Shaky Ground Under Non-Compete Agreements – Changes Afoot?

Non-compete agreements have been a fixture in the employment relationship at tech companies for a long time. Most involved have accepted these agreements as a normal part of doing business in the tech industry. Recently, legislatures and others have started to scrutinize the economic effects of non-compete agreements. Many of the people who have looked at the question have advocated elimination or restrictions on non-competes. They argue that non-competes often run afoul of basic fairness and that they are inhibitors on the economic progress of a state.

How did these agreements come into being in the first place? When a company hires someone the new employee is brought into the company and is brought into a circle that has access to special knowledge and know-how. The company has invested time and capital into the creation of that knowledge and know-how. Therefore, it’s reasonable that the company can forbid you from using that know how against the interests of the company.  Courts have protected this interest long before the advent of the technology industry.

At the same time, the courts have never given companies unlimited power with regard to non-competes. It’s always been necessary to make sure that these agreements are limited as to time, geographic scope and industry classification. But even these types of “reasonableness” tests have been questioned of late. Since non-compete agreements limit the ability of a person to pursue a trade or profession they can actually limit the amount of competition in specific labor market sectors.  Studies suggest that non-competes suppress wages by at least a few percentage points. There are enough questions to ask whether non-compete agreements should be used as heavily as they are today.

California is perhaps the most innovative state in the U.S. Non-compete agreements are essentially impossible to enforce in California. In the tech industry this fact has created one of the world’s most fluid and dynamic labor markets. Companies in Silicon Valley compete very hard to lure and maintain the best talent. The inability to impede the movement of workers between firms forces firms to keep their employees happy. This ability to move between companies also facilitates the dissemination of many types of specialized “know how”, making all the companies in a sector stronger as that knowledge is spread and put to use. Some theorize that this is one of the factors behind the creation and growth of the Silicon Valley.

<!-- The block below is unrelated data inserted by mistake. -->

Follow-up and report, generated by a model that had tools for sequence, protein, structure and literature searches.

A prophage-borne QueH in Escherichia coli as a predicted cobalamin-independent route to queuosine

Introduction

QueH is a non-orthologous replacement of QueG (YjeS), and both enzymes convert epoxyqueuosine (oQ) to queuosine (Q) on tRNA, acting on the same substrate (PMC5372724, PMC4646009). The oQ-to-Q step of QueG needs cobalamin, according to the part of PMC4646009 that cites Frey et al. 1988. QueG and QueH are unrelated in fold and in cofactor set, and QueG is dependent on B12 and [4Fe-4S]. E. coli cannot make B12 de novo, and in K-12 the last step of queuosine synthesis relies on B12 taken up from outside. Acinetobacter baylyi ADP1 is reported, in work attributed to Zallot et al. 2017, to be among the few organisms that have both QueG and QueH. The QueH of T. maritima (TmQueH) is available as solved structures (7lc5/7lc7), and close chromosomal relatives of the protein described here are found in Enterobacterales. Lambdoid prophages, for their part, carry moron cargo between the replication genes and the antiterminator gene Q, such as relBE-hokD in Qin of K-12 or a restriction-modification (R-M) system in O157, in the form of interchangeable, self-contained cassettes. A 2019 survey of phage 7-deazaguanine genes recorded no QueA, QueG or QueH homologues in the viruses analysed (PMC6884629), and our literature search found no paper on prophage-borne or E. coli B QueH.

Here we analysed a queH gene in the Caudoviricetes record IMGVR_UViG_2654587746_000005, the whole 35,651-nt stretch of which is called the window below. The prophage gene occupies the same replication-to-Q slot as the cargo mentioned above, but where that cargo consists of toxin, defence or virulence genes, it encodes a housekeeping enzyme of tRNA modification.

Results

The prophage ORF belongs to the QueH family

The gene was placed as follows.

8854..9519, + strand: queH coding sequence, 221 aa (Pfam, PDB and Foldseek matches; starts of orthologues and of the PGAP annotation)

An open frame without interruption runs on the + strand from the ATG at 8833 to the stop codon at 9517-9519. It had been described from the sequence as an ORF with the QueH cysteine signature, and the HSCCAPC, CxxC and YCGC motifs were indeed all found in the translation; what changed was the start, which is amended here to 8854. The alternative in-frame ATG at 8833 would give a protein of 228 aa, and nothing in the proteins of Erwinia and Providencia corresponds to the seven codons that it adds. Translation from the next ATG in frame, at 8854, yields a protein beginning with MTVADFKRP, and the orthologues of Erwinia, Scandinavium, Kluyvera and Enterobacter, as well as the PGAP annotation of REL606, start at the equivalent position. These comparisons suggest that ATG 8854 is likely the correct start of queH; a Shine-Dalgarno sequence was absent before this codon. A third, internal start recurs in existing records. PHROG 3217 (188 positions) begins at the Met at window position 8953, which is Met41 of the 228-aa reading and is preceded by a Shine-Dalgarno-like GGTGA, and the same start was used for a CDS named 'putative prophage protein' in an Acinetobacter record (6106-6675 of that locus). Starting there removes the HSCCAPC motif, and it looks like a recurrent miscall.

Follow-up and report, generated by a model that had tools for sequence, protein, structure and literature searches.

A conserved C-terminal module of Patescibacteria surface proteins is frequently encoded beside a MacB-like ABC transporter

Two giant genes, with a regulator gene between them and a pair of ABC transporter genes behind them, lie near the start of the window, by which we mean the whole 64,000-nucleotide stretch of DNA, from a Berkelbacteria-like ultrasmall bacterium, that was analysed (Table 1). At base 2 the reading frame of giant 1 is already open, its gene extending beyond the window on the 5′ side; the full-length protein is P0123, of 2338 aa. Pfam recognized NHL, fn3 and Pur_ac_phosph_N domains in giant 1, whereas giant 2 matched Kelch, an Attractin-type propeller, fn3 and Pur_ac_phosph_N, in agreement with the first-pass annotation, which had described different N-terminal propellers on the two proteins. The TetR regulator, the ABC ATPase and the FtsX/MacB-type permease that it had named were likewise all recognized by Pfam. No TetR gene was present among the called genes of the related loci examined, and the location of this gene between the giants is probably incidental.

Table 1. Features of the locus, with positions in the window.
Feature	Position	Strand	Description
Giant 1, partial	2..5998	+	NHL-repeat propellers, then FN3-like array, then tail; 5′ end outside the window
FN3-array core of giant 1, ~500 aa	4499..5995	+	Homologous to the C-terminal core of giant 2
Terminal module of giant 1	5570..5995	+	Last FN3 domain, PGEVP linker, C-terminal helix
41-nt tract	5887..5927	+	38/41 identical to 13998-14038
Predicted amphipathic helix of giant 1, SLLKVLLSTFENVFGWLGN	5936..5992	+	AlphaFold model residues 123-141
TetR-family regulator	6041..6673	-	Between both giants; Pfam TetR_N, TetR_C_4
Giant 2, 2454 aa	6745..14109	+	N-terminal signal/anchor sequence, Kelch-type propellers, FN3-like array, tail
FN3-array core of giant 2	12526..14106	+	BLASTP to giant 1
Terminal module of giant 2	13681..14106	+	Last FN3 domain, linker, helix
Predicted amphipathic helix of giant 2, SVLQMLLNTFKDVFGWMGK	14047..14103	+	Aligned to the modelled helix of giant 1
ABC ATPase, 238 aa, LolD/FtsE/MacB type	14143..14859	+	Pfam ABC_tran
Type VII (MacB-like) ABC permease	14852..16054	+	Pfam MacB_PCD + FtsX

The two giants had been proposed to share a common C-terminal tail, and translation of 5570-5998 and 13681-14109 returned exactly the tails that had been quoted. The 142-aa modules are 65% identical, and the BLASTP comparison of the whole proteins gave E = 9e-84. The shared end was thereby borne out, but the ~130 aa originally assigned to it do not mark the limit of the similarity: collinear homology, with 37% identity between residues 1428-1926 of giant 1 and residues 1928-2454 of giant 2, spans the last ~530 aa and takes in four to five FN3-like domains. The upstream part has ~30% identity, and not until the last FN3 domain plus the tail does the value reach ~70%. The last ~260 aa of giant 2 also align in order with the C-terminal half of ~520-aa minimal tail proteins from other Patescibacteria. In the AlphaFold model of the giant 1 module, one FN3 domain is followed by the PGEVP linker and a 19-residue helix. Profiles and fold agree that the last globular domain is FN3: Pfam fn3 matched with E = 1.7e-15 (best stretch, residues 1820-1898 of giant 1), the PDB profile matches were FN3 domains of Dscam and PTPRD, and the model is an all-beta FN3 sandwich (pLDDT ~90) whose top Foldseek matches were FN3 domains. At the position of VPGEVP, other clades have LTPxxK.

According to the Wall Street Journal, as of May 2016 47 out of the 50 states allow non-compete agreements “most or all of the time”. How did California avoid this policy and end up with the world’s most impressive innovation engine with its borders? Part of it is sheer good fortune. In 1847 the State of New York engaged an attorney to codify the laws of the courts in that state. This codification was never adopted in New York but a a newly-admitted state California wanted to enforce standard laws across its territory. It adopted the New York codification. Part of it was the predecessor to California Business and Professions Code Section 16600 which provides:

16600.  Except as provided in this chapter, every contract by which
anyone is restrained from engaging in a lawful profession, trade, or
business of any kind is to that extent void.

Obviously, a non-compete restrains a person from engaging in a lawful occupation. For more than a century and a half this has been unlawful in California.